When I interviewed for my position at FIT, I was told a renovation project was on the horizon. Having never been involved with such a project, I did not know what to expect; one thing I learned is that I would have to be agile and ready to react intelligently on a moment’s notice. That intelligence was amassed in advance of the construction phase as I worked with the architects; the more I learned ahead of time, the better I was able to react when the inevitable problem occurred. I was even able to be anticipatory along the way thanks to the relationship established with the fine architect crew and construction team.
In closing, I would like to say that working with all the partners and stakeholders in the project and mentioned in this article was truly a dream experience and I would recommend them to anyone facing such a project. Also, I am happy to relay more details to individuals who might have specific questions. I want to thank Arlene L. Eis for inviting me to contribute this piece and thank you, the reader, for your attention.
Copyright 2018 by   Karen J. Trivette, MLS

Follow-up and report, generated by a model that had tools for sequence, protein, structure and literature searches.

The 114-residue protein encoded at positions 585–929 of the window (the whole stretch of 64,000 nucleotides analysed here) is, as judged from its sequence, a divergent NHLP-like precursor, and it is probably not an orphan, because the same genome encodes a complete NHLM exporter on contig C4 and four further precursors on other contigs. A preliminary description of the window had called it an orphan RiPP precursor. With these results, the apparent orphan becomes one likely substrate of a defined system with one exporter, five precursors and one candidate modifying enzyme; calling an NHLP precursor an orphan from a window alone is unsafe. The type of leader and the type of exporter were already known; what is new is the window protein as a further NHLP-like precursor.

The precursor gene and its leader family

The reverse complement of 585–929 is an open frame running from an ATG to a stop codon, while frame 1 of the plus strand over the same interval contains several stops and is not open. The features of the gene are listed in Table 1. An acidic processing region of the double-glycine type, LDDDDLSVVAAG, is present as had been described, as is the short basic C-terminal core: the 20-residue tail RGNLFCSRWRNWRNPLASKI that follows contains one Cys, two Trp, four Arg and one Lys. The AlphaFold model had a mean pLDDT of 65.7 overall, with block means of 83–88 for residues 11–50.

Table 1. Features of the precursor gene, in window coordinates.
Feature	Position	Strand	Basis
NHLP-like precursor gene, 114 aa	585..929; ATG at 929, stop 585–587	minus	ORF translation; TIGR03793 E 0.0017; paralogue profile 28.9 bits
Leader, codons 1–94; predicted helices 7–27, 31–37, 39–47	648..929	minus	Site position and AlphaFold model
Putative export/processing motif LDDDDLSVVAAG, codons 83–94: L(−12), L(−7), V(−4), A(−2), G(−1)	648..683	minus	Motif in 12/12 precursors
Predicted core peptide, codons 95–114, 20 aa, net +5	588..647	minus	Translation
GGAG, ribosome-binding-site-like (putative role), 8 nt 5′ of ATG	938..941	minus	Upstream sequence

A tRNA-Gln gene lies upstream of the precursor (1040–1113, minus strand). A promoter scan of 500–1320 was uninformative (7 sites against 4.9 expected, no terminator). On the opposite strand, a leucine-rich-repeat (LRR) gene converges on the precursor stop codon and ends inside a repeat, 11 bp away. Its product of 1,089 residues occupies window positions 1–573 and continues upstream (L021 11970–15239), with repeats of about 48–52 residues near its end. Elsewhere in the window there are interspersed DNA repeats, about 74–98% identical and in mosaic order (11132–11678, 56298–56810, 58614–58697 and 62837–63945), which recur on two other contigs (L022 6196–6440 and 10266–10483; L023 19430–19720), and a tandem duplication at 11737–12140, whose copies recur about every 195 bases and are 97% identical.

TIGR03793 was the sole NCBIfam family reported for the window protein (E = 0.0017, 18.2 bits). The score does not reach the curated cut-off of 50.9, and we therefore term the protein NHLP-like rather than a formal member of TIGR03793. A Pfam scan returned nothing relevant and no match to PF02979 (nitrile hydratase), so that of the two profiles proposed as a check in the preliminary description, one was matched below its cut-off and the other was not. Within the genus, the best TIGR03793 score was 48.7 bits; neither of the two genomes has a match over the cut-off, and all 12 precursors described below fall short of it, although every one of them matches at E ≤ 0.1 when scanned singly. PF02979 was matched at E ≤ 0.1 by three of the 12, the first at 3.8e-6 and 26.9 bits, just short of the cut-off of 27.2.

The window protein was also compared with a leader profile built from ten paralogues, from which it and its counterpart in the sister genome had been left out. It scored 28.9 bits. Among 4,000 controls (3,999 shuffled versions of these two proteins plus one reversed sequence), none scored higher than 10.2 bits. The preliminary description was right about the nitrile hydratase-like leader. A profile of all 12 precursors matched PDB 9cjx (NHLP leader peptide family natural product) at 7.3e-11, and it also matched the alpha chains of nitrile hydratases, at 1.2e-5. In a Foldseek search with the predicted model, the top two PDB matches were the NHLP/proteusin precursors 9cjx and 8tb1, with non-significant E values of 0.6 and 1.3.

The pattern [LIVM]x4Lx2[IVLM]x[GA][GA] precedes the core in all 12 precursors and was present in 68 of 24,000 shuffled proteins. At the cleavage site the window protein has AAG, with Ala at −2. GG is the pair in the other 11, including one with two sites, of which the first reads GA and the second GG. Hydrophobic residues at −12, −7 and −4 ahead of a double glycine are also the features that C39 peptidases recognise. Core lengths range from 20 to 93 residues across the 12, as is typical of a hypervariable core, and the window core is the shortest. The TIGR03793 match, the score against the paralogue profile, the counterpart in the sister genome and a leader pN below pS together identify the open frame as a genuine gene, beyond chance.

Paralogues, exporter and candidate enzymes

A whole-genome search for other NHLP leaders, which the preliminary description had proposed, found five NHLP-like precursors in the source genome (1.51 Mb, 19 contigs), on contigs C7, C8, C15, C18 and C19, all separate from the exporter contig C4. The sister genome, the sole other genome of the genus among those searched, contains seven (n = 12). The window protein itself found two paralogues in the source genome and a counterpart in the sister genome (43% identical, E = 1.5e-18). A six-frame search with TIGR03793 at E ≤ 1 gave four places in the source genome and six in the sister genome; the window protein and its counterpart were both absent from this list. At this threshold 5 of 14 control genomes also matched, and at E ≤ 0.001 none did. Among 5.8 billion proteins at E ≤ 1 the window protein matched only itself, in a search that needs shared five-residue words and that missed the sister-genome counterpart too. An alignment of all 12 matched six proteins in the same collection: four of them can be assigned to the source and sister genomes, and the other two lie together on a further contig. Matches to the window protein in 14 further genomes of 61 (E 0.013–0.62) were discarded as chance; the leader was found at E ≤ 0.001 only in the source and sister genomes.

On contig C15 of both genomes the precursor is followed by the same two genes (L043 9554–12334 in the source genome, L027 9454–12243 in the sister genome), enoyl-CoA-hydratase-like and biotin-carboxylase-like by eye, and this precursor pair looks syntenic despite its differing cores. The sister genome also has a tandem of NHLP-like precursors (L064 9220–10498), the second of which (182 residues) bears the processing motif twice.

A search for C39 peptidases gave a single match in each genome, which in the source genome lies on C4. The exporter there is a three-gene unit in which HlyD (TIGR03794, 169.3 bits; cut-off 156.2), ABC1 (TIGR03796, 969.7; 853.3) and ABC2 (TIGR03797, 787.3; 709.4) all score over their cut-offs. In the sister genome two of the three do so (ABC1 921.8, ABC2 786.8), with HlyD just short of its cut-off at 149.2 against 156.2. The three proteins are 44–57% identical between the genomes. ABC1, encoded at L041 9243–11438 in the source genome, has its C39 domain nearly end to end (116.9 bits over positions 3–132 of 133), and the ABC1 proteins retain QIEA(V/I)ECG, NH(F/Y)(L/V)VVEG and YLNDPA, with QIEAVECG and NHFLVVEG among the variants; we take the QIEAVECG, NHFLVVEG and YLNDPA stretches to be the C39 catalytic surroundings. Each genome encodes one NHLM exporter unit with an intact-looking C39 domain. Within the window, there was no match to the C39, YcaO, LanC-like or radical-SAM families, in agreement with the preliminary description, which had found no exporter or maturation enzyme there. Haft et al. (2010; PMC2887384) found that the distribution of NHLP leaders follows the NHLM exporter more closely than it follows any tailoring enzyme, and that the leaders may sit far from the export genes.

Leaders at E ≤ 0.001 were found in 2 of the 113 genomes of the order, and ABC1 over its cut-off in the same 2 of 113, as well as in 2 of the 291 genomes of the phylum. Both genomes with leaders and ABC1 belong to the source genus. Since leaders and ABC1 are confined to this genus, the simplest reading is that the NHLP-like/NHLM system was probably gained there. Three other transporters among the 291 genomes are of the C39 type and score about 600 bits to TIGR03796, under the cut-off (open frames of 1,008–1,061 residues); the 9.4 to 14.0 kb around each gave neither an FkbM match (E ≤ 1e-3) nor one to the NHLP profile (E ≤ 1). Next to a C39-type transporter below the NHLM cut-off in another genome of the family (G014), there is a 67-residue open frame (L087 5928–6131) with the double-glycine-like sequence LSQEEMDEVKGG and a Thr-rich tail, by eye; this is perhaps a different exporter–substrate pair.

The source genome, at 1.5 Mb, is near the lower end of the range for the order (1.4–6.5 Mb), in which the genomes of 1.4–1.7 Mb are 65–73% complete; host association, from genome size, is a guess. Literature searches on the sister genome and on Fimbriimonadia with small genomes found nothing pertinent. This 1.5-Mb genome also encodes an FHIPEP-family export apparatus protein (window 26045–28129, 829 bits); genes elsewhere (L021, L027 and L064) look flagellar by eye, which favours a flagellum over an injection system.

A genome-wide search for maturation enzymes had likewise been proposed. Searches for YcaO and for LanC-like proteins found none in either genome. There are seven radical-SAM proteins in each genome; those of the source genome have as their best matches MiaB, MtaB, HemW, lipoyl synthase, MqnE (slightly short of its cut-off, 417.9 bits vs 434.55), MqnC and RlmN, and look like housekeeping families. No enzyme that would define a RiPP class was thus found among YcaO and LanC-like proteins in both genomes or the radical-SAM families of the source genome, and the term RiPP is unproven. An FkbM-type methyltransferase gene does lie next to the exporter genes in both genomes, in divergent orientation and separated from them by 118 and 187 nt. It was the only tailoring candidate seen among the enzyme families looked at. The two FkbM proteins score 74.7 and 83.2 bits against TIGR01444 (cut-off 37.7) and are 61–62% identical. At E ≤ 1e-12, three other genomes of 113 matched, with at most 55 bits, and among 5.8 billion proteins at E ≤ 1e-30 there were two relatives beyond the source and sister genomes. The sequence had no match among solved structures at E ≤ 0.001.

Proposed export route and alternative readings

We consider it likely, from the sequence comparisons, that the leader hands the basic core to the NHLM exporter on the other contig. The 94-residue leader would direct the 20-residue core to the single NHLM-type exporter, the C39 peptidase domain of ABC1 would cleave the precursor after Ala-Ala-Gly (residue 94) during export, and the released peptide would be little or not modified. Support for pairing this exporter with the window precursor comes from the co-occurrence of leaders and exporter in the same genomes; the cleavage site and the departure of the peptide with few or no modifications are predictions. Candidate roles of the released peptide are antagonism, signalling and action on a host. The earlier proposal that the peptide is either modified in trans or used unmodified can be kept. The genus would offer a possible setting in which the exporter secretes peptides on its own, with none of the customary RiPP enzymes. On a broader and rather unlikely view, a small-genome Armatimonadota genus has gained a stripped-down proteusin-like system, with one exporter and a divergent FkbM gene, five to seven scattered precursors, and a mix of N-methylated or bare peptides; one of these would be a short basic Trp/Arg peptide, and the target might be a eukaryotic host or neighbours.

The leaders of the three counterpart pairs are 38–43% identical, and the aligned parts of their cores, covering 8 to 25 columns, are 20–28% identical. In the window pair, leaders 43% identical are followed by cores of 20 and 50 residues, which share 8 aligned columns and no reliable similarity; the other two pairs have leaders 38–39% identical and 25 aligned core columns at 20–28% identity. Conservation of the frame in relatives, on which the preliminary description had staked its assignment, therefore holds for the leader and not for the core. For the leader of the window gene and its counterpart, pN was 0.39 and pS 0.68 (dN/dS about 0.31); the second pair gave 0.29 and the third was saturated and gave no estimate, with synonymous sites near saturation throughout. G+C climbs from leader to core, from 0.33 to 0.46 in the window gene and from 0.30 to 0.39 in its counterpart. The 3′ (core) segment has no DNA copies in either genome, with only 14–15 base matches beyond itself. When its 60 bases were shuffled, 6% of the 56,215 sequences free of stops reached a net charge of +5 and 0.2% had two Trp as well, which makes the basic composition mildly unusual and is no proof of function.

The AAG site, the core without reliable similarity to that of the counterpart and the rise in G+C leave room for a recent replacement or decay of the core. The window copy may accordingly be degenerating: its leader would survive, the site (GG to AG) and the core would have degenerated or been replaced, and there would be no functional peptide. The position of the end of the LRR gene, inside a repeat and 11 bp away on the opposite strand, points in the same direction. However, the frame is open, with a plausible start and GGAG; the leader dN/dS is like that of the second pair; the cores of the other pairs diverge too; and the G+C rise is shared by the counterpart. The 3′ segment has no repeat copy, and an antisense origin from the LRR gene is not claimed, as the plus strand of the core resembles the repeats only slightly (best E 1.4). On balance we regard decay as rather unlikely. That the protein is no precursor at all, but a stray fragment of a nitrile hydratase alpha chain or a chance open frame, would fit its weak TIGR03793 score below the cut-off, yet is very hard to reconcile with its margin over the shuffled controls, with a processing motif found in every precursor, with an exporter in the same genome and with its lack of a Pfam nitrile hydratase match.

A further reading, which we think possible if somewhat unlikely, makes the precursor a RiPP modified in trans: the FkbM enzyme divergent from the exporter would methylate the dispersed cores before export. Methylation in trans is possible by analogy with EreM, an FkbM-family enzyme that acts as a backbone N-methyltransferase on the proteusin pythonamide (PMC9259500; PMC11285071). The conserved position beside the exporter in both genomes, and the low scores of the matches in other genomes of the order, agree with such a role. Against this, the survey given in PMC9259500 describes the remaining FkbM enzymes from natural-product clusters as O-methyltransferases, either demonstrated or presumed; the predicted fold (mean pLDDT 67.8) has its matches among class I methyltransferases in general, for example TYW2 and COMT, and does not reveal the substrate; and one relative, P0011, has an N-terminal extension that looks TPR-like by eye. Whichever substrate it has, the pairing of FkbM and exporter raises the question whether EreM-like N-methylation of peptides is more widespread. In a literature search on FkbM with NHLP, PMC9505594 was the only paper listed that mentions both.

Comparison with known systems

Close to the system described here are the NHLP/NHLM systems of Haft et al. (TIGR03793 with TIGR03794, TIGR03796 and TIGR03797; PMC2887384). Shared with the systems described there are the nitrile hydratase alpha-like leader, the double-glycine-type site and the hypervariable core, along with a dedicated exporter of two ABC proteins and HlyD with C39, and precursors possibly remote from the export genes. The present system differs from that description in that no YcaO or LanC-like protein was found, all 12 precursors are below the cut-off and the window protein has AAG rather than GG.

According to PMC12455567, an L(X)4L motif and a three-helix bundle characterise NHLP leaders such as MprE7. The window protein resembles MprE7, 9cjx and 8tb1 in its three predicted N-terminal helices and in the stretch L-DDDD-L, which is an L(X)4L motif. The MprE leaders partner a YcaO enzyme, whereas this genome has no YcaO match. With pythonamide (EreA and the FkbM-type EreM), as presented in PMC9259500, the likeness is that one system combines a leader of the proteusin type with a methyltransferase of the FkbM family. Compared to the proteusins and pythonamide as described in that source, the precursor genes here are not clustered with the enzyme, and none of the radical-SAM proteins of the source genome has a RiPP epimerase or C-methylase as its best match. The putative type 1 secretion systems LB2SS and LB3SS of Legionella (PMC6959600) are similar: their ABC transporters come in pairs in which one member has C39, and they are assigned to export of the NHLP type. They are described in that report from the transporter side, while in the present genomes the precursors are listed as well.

About the author: Professor Karen Jamison Trivette is the Head of Special Collections and College Archives in the Gladys Marcus Library at the Fashion Institute of Technology, a part of the State University of New York; she has held this position since 2008. She holds a Master of Library Science with a concentration in Archives and Records Management from the University at Albany (New York) and a Bachelor of Arts in Art History from University of North Carolina-Chapel Hill. She has worked primarily in art libraries and art archives (including the Albany Institute of History and Art; the Clark Art Institute Library; and the Museum of Modern Art Archives) except for an over three-year post at the New York State Archives where she primarily advised practitioners on archives and records management matters. She edited the publication Fashion Plates: 150 Years of Style (2015), which was sourced from SPARC holdings and recently co-authored a chapter on the early fashion forecaster Tobé Coller Davis. She has presented at many conferences and programs, both national and international in scope, the latest of which was to the local Dallas Chapter of the Association of Records Managers and Administrators International.